Residents faced with four threats of the Hurricane Florence
Southeast coastline facing the wind, storm surge, flooding and extended rainfall; Griff Jenkins reports from Atlantic Beach, North Carolina on the evacuations.
JACKSONVILLE, N. C. – As thousands of flights are in the interior of the path of Hurricane Florence, a lot of people use social media to help find a place to stay.
Rely on the kindness of complete strangers, the organizers of a Facebook group say expensive and overbooked hotels have made it difficult for people to find a safe haven from the storm. A closed Facebook group with the name ‘Hurricane Florence Accommodation for Refugees” which was created during the Hurricane Irma, has been renamed to help them escape Florence. People have to ask to join the group.
“All of these people their houses free,” said Katlyn McBrayer, who is one of the administrators of the Facebook group. “Many of them will become your pets, some of them will allow you to have your cattle and your horses. They will feed you, to dress and they let you stay until, you know, it is safe for you to go back.”
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McBrayer, says they see a large influx of people volunteering to help and shelter evacuees. The group has more than 3,500 members with the most people who offer to help the flight before the storm.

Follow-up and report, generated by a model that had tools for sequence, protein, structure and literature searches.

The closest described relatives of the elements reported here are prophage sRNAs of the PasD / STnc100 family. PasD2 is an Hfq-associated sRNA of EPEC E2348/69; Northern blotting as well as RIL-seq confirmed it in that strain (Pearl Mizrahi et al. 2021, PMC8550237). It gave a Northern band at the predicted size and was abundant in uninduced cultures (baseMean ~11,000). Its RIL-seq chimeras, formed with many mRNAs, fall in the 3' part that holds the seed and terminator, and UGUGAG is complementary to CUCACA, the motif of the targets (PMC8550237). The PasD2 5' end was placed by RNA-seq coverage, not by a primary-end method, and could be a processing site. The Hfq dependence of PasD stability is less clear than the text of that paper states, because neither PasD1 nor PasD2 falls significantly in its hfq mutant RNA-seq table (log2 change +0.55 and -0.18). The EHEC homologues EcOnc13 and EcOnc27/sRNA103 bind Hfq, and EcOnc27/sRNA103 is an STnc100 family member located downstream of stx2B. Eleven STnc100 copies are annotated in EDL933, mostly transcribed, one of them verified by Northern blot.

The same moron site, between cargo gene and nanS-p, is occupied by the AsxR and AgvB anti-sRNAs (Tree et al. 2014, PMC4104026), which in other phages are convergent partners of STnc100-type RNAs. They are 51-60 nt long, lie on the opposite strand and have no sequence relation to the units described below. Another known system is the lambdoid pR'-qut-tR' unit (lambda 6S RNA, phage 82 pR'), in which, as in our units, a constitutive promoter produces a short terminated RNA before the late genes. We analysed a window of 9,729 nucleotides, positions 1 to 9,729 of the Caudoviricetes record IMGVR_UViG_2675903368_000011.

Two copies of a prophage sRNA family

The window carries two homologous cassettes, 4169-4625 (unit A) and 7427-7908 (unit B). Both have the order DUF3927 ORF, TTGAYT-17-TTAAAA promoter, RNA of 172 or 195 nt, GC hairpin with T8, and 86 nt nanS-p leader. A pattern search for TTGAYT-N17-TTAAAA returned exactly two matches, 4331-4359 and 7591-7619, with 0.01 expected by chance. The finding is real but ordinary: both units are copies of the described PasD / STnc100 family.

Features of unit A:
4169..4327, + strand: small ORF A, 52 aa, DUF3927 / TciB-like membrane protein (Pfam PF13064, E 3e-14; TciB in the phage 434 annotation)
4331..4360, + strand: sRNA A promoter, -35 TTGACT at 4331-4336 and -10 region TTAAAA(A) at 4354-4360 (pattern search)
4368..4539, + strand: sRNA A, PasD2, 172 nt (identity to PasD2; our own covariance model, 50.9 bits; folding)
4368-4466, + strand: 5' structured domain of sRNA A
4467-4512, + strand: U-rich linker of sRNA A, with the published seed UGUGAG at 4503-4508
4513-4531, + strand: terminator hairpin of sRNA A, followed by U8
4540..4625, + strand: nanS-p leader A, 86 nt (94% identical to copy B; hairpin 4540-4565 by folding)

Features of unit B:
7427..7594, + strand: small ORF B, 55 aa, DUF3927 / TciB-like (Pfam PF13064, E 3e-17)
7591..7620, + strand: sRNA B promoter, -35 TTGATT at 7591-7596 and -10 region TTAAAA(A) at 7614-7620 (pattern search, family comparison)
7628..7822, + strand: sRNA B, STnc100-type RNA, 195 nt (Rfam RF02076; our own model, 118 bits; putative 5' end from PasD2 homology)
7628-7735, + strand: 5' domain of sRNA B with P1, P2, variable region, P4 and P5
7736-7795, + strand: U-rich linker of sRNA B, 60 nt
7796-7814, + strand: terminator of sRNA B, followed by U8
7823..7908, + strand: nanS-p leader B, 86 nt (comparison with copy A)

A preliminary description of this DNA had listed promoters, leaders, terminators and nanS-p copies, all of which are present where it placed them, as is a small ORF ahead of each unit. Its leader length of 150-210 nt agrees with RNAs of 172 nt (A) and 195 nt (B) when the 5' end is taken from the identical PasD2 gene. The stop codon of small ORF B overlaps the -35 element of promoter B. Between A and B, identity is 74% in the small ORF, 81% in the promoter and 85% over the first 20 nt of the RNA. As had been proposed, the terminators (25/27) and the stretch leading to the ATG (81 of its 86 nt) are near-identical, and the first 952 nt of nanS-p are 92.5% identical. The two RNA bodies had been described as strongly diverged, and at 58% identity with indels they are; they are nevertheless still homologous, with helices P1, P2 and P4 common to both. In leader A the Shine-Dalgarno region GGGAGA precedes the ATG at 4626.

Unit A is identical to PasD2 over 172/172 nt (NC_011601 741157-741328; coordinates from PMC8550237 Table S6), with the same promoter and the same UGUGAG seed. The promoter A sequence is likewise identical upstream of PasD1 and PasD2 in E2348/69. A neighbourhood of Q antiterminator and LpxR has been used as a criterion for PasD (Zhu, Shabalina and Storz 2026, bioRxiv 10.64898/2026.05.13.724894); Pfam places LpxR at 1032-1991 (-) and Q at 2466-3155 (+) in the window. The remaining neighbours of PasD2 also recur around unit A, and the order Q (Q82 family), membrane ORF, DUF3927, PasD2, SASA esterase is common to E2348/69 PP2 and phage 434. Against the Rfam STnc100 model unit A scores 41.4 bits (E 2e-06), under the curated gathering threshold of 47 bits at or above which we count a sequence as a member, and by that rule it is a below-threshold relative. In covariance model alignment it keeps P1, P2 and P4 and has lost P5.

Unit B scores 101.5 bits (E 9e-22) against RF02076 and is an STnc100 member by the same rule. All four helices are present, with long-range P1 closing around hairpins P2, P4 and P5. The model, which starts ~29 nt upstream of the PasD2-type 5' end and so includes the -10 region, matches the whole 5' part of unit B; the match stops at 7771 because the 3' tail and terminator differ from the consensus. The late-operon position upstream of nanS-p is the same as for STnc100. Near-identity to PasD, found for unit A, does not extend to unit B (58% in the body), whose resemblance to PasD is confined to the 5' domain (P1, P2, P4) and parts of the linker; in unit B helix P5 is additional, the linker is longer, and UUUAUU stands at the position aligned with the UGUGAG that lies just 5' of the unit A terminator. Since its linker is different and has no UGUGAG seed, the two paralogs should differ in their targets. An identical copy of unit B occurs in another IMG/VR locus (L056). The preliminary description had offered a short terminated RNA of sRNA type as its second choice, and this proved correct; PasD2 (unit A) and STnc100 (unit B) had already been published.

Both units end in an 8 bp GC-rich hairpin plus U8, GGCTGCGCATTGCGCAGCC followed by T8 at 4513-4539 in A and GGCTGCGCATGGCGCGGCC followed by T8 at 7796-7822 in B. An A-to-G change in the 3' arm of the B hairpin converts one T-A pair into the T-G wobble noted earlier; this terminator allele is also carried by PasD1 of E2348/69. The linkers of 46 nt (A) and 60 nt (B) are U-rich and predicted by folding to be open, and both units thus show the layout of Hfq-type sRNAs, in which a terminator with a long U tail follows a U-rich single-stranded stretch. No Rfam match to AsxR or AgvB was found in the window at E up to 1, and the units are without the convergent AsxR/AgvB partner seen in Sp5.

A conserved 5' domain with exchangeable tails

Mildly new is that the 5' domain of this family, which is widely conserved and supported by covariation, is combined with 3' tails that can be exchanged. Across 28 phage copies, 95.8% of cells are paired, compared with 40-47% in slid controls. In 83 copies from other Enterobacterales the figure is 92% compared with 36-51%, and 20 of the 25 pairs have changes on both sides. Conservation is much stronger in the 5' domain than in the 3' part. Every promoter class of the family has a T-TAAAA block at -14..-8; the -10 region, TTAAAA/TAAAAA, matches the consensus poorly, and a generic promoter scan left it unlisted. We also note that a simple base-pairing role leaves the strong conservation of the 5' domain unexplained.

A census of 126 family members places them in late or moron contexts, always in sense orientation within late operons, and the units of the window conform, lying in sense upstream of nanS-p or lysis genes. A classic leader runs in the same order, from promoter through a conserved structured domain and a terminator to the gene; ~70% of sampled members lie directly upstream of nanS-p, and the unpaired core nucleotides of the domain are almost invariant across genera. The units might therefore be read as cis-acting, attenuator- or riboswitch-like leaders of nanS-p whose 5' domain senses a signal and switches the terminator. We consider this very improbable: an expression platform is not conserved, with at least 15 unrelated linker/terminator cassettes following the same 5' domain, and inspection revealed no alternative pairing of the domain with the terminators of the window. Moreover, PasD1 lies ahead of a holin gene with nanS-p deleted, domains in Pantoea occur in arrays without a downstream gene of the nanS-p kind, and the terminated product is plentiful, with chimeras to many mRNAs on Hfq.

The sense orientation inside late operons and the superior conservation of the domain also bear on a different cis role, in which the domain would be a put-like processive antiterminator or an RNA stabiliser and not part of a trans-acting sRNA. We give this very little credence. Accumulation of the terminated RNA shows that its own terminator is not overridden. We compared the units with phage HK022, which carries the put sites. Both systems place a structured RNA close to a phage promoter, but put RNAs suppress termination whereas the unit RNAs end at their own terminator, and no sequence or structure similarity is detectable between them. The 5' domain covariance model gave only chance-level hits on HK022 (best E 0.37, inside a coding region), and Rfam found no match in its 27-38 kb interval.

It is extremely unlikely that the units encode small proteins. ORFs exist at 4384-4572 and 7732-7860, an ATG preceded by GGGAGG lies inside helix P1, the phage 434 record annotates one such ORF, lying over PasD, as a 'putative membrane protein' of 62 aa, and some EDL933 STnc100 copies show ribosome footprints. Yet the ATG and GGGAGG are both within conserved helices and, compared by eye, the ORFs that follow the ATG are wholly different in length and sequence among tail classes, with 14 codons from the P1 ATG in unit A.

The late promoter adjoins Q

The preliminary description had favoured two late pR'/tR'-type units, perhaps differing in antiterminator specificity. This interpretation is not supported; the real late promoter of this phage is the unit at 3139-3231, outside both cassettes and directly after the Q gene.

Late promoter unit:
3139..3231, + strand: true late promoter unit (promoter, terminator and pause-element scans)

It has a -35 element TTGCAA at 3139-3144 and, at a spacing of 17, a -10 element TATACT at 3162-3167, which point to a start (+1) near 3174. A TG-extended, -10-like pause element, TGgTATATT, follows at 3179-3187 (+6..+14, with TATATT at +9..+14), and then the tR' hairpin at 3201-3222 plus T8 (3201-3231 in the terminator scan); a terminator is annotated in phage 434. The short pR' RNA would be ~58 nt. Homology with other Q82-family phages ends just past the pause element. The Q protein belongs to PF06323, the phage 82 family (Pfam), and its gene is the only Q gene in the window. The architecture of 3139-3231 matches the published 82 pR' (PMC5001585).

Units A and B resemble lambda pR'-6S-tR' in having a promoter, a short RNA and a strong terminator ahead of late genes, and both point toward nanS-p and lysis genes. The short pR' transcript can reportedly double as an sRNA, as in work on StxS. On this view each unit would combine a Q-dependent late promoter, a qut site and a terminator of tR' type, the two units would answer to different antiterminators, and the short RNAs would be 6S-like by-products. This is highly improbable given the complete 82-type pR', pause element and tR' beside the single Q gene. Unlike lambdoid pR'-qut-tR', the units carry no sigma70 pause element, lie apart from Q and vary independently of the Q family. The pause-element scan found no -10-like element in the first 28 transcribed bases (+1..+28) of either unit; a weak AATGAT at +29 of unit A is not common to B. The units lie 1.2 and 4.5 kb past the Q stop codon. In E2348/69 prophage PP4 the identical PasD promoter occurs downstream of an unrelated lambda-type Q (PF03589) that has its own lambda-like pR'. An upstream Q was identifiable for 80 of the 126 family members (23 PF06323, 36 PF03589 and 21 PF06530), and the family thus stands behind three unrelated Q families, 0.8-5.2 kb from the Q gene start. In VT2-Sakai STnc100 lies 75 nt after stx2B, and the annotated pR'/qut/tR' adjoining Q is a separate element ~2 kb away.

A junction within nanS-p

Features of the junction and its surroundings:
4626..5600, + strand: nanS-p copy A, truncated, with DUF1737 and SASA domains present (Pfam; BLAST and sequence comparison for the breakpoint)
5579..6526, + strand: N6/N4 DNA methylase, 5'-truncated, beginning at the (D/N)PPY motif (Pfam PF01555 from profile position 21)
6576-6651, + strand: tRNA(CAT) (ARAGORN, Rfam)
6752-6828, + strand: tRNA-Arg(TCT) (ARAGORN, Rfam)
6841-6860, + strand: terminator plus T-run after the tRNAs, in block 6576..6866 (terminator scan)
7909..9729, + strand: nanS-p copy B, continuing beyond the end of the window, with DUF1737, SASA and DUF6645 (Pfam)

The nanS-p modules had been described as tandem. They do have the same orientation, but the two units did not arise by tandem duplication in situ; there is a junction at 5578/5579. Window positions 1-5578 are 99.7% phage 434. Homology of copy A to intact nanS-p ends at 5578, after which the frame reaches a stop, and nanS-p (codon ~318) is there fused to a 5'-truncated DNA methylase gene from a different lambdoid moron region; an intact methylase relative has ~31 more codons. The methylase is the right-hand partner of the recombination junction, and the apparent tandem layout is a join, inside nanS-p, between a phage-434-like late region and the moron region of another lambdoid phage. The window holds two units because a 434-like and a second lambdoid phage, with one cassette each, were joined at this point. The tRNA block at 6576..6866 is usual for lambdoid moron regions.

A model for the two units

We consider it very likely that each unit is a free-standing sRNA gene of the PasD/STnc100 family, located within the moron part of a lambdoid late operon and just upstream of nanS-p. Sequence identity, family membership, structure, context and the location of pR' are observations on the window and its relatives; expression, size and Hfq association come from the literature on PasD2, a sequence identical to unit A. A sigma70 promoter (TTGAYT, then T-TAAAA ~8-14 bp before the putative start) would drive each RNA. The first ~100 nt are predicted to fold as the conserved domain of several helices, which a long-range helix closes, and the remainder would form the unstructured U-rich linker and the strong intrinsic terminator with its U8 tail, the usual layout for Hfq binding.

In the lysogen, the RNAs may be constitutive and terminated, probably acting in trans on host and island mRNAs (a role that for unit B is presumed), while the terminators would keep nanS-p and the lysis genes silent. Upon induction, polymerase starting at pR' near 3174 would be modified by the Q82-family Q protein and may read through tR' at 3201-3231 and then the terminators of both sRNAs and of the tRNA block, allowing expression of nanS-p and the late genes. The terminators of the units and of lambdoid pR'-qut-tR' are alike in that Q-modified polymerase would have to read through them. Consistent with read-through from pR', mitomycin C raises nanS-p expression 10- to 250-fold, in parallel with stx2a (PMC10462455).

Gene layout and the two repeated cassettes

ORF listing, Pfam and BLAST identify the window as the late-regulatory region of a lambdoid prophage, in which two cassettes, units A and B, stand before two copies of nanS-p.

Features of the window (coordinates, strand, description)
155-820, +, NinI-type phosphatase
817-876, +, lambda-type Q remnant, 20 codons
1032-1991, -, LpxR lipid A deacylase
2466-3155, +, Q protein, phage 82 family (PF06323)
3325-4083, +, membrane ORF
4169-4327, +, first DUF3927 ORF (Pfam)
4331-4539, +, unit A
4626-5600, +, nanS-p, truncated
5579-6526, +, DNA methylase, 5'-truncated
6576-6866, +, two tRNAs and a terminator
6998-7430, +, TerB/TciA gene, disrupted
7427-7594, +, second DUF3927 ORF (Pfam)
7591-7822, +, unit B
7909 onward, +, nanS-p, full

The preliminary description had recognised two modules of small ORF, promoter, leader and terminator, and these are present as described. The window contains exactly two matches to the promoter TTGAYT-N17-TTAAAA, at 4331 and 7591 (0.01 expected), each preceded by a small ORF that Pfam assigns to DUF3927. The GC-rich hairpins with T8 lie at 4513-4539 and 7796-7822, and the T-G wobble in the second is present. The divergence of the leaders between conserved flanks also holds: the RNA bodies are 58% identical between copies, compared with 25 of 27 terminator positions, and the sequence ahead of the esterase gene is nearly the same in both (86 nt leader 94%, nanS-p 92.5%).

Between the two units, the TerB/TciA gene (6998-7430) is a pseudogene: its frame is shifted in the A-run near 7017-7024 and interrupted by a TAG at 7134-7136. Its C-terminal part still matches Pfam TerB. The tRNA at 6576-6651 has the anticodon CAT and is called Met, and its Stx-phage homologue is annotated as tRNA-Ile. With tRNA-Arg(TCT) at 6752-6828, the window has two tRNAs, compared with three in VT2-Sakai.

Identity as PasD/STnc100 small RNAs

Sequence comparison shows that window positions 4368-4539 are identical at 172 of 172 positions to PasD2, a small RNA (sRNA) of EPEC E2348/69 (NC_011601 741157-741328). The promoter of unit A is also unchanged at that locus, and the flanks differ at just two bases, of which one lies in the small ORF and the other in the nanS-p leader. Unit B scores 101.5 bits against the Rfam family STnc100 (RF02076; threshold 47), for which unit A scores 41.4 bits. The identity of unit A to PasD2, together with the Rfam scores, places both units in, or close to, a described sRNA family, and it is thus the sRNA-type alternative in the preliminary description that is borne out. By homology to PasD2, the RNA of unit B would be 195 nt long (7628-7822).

The social media page has already helped families connect with the opening of their houses. Vanessa Suggs is evacuating with her family and her dog Myrtle Beach, S. C. area.
“It was a great blessing for us, because we needed a place to stay,” Suggs said. “Now that this hurricane has more shifted in the direction of Myrtle Beach and more south a lot of people who were planning to stay are evacuating and there is not really that [much] to[s] to choose from.”
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Suggs will evacuate to Athens, Georgia. area and stay in a cabin and the farm in the hands of a Georgia resident Anthony Chapman, who decided to help after watching news of the storm.
“I basically got on Facebook and just searched for hurricane evacuation [and] happen to hit that particular group,” said Chapman. “…I’m 62 and [my] children are grown,” he added. “Life is good, so it’s like what can I do to help someone out and kind of pay it forward if you [to] do a good deed for my fellow man and that was the thought behind it.”
In contrast to a traditional hotel or Airbnb reservation, the group is a person-to-person interaction method. Samantha Ainslie, who is a room available in the Fort Mill, S. C., area, says that they do not believe that those really in need will benefit from the help they receive.
“We open our home, because people in trouble,” said Ainslie, who lives in Fort Mill, S. C. “I don’t think people have the advantage of a situation like this, where there are people whose lives are really in danger and they need a place to stay.”
Willie James Inman, is a Fox News multimedia reporter based in Jackson, Mississippi. Follow him on twitter: @WillieJames